Revenue collections needed to fund Mississippi state government fell below projections for the month of January.
January’s revenue collections, according to a report recently released by the staff of the Legislative Budget Committee, were $6 million or 1.1% below the official estimate. For the fiscal year, which began July 1, revenue collections remain $98.3 million or 2.4% above the official estimate. The official estimate is important because it represents the amount of money legislative leaders used in budgeting for the current fiscal year.
If revenue falls too far below the official estimate, legislators or Gov. Tate Reeves (or a combination of the two) would have to make mid-year budget cuts or dip into surplus funds to offset the shortfalls. The official estimate is being buoyed in large part because interest earnings are $56 million or 400% above the official estimate.
Officials said the state is benefiting from a significant spike in interest income because of the large amount of surplus funds that have been obligated but are yet to be spent and because of the higher interest rates currently in effect that increase the interest earnings.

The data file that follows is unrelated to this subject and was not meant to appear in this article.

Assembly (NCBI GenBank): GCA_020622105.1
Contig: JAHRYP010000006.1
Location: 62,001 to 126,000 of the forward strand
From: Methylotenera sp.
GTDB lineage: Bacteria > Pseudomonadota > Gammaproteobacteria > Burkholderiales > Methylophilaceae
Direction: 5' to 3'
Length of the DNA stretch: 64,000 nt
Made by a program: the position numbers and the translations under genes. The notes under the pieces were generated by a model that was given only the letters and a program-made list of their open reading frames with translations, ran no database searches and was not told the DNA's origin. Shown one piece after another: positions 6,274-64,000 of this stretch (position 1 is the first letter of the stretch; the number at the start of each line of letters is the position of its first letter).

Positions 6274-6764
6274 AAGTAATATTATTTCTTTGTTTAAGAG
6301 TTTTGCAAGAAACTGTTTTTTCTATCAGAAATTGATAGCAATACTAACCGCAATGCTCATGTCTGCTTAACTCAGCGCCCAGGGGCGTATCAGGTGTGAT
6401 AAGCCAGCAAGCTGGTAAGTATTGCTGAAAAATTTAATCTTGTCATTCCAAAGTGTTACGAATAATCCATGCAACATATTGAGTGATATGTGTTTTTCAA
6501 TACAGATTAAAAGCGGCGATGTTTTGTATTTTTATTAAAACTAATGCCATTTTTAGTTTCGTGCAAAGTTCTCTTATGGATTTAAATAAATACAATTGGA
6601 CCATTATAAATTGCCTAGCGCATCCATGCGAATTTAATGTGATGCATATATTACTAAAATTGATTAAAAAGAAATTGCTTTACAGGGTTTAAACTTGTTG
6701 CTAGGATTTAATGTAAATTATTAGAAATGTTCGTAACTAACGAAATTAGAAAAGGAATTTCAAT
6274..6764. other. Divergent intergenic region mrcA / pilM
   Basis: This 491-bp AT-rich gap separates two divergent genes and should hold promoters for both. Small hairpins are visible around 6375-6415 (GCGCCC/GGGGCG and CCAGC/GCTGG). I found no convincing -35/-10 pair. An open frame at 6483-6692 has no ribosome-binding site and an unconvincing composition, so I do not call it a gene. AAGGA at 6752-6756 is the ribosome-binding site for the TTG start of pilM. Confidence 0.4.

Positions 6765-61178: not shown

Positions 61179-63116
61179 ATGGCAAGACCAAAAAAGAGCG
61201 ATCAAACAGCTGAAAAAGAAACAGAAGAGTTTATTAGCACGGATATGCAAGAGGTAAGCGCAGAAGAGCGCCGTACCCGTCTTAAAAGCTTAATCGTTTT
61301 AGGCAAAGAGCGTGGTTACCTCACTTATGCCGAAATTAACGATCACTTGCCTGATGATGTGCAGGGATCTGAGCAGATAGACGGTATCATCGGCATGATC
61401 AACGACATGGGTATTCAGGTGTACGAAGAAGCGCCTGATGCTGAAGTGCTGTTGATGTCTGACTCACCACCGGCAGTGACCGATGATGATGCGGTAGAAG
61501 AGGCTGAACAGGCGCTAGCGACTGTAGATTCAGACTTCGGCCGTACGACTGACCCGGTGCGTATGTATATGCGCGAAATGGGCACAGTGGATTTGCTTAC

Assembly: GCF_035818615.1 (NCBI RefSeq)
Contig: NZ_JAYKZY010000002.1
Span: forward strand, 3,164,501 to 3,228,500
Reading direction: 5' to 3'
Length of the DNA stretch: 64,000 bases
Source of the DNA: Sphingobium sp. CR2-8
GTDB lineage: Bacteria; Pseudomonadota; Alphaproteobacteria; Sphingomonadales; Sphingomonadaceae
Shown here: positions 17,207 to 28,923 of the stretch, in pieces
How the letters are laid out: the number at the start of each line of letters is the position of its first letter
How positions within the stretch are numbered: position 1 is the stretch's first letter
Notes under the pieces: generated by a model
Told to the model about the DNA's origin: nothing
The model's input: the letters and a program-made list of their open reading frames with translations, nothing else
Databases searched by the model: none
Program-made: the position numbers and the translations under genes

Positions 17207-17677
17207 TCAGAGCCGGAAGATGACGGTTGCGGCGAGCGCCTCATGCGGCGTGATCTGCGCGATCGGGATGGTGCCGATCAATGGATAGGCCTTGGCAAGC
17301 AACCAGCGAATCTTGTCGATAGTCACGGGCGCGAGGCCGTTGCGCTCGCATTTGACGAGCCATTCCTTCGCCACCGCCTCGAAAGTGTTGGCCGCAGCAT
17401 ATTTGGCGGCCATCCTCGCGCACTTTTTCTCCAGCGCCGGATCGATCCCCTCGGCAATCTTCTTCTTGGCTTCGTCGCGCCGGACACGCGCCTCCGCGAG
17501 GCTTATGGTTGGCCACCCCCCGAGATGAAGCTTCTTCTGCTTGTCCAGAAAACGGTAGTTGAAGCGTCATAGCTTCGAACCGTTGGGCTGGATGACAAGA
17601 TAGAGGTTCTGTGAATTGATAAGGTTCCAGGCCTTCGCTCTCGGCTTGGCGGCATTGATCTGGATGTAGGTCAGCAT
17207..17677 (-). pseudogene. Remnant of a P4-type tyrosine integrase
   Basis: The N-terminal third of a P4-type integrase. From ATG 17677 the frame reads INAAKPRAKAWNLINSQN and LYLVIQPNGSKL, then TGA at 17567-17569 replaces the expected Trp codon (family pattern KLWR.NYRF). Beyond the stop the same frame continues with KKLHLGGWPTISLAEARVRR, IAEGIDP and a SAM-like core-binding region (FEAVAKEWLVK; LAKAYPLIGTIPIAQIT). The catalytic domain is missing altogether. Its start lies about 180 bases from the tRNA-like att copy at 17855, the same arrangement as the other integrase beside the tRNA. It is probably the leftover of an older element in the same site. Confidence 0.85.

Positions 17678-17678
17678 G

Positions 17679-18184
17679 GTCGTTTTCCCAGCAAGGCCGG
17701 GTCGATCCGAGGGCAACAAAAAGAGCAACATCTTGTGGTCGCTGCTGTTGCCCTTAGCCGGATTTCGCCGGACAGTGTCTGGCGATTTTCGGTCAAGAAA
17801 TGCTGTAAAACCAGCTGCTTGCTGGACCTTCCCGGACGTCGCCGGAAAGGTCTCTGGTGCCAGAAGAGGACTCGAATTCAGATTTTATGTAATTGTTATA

“It is better to have it than not to have it, but I don’t want to base the budget on interest income,” Senate Appropriations Chair Briggs Hopson, R-Vicksburg, recently said.
While revenue collections are exceeding the official estimate, thanks in parts to the interest income, revenue collections are $44.1 million or 1% below the amount collected during the first seven months of the past fiscal year. The state is coming off two fiscal years of unprecedented revenue growth thanks in large part to the federal COVID-19 spending, so it might not be considered unusual for collections to be slumping. It is rare, however, for the state to collect less revenue year-over-year.
If it was not for the interest income, state revenue would be down more than 2% over the previous year.
One reason for the drop in revenue is that beginning in January 2023, an income tax cut phase-in began. State income tax collections are down $123 million or 8.6% over the previous year. Sales tax collections, which were expected to increase because of the reduction in the income tax, are up a more modest $63.3 million or 3.9%.
Even as a $525 million reduction in the income tax is being phased in, Gov. Tate Reeves is arguing that the remaining income tax, which accounts for about 30% of state revenue, should be eliminated by 2029.
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